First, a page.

Fluorinated gases (F-gasses, F-gas) are man-made, greenhouse gases, that have been used as refrigerant in heating, ventilating, air conditioning and refrigeration (HVAC&R) systems since they were first developed in the late 1920s. The main fluorinated gasses include Chlorofluorocarbons (CFCs), Hydrochlorofluorocarbons (HCFCs), Hydrofluorocarbons (HFCs), Hydrofluoroolefins (HFOs) and refrigerant blends.

Fluorinated gasses and the environment

Refrigeration systems had long been in use before the development of F-gasses, with natural refrigerants taking the helm. However, the collaboration between earlier systems and natural refrigerants had its issues, with flammability, toxicity and the corrosive nature of some natural refrigerants causing big problems. Therefore, synthetic, F-gas refrigerants were engineered, with properties that not only solved some of the big issues with natural refrigerants but were also designed to suit different HVAC and refrigeration applications.

However, it was discovered that the benefits of synthetic refrigerants came at a cost to the environment. From contributing to the hole in the ozone layer, to playing a role in global warming, F-gasses have proven to be problematic. For decades we’ve been embroiled in a cycle of banning or phasing down use of the most harmful refrigerants, developing new F-gasses as replacements, and then banning those replacements, as regulations come into force restricting the use of the those with the highest Ozone Depletion Potential (ODP) and Global Warming Potential (GWP).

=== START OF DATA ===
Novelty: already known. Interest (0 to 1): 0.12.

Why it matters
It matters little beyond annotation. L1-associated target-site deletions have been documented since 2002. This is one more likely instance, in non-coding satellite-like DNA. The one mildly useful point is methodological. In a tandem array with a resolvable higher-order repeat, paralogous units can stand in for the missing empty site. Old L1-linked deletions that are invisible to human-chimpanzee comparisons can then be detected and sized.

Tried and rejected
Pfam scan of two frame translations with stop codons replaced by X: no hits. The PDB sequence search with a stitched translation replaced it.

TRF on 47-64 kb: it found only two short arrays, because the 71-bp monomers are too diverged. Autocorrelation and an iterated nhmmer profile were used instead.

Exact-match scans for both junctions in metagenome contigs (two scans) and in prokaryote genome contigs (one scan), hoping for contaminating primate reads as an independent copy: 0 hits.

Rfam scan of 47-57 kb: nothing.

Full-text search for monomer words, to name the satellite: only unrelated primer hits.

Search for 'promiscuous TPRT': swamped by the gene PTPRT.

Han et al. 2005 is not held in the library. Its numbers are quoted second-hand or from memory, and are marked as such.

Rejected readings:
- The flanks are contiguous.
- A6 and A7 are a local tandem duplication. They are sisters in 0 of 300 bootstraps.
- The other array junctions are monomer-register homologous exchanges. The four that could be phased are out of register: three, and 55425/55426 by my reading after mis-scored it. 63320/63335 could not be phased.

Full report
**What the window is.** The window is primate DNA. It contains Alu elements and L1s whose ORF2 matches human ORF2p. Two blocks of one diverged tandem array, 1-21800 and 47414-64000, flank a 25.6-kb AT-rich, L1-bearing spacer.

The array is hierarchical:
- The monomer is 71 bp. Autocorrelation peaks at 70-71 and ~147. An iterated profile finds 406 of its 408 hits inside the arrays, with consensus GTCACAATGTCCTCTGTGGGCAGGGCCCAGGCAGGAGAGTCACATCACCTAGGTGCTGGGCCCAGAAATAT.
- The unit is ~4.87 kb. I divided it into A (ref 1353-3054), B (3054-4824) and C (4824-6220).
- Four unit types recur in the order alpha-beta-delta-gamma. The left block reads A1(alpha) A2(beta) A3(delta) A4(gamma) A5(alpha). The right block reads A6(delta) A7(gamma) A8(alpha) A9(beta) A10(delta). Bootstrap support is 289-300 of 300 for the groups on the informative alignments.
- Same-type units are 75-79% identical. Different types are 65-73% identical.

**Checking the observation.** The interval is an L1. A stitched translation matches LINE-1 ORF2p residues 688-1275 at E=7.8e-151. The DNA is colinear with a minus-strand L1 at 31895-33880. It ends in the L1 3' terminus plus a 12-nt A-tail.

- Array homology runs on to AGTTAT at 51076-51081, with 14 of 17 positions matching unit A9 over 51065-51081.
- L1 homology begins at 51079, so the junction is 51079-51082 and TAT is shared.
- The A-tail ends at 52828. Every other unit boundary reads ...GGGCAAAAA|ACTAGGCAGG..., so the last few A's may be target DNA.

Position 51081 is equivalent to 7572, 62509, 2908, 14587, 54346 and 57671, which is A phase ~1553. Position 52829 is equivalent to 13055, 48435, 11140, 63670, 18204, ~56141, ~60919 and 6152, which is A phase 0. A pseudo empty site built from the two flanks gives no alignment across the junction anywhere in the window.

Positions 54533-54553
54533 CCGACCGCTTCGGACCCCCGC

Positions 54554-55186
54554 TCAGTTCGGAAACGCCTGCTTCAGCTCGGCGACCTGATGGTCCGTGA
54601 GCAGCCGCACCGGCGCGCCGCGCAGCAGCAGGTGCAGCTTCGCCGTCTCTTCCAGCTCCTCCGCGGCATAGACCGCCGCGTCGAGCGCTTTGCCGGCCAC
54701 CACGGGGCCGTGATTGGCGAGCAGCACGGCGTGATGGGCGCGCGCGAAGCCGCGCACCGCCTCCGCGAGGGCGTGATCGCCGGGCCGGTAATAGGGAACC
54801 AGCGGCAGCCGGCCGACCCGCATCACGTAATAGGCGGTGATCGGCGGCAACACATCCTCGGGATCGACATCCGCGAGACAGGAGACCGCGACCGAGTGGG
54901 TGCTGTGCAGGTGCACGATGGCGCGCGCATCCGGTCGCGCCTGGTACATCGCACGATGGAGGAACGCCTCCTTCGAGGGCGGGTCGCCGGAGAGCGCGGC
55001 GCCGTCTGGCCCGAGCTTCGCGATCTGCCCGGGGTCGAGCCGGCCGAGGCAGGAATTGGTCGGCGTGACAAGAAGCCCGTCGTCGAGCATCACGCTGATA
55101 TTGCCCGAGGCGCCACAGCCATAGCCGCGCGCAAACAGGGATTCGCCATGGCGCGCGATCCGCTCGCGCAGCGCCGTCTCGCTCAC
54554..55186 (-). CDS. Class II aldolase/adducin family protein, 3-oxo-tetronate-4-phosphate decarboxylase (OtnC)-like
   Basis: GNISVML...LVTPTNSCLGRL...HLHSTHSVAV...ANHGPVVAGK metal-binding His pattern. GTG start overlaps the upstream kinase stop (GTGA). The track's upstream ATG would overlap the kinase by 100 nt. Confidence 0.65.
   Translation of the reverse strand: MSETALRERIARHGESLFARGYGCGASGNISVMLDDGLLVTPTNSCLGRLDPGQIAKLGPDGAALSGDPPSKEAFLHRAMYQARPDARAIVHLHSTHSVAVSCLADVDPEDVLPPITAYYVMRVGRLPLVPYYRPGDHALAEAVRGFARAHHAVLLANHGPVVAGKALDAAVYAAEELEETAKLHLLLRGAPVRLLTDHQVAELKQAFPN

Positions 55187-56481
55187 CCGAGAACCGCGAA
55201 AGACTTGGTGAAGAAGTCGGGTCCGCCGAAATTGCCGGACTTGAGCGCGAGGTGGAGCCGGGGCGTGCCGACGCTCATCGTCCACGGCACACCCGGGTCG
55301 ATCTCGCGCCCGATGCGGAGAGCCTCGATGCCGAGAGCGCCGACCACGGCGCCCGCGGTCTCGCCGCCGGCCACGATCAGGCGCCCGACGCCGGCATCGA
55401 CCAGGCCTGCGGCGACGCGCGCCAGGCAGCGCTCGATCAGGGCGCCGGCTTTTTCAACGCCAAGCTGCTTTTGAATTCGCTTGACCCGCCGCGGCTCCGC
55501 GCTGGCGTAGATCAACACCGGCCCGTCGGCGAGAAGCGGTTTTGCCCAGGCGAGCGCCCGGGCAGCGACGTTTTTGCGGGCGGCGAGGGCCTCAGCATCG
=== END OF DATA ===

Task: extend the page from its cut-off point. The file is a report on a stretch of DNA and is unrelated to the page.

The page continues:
While regulations vary from country to country, the majority of nations are abiding to the timescales laid out in the Montreal Protocol (and its subsequent amendments), an international treaty regulating the production and consumption of Ozone Depleting Substances (ODS).

Types of F-gas

Chlorofluorocarbons (CFCs)

Chlorofluorocarbon contains chlorine (Cl), fluorine (F) and carbon (C). CFCs include refrigerants such as R-11, R-12, R-13, R-113, R-114 and R-115. 

Invented to be ‘safe refrigerants,’ chlorofluorocarbons were widely used from the 1930s due to being non-toxic, non-flammable and very stable. However, unbeknown at the time, CFCs had a high Ozone Depletion Potential (ODP) and were playing a large role in the destruction of the ozone layer. Once this was discovered, moves were made to ban their use. 

The Montreal Protocol sealed the fate of CFCs on 16 September 1987, with a gradual phase out. CFCs were banned in developed countries by 2000 and developing countries by 2010. 

Hydrochlorofluorocarbons (HCFCs)

Hydrochlorofluorocarbon contains hydrogen (H), chlorine (Cl), fluorine (F) and carbon (C). HCFC’s include gases such as R-22, R-123, R-124 and R-142B.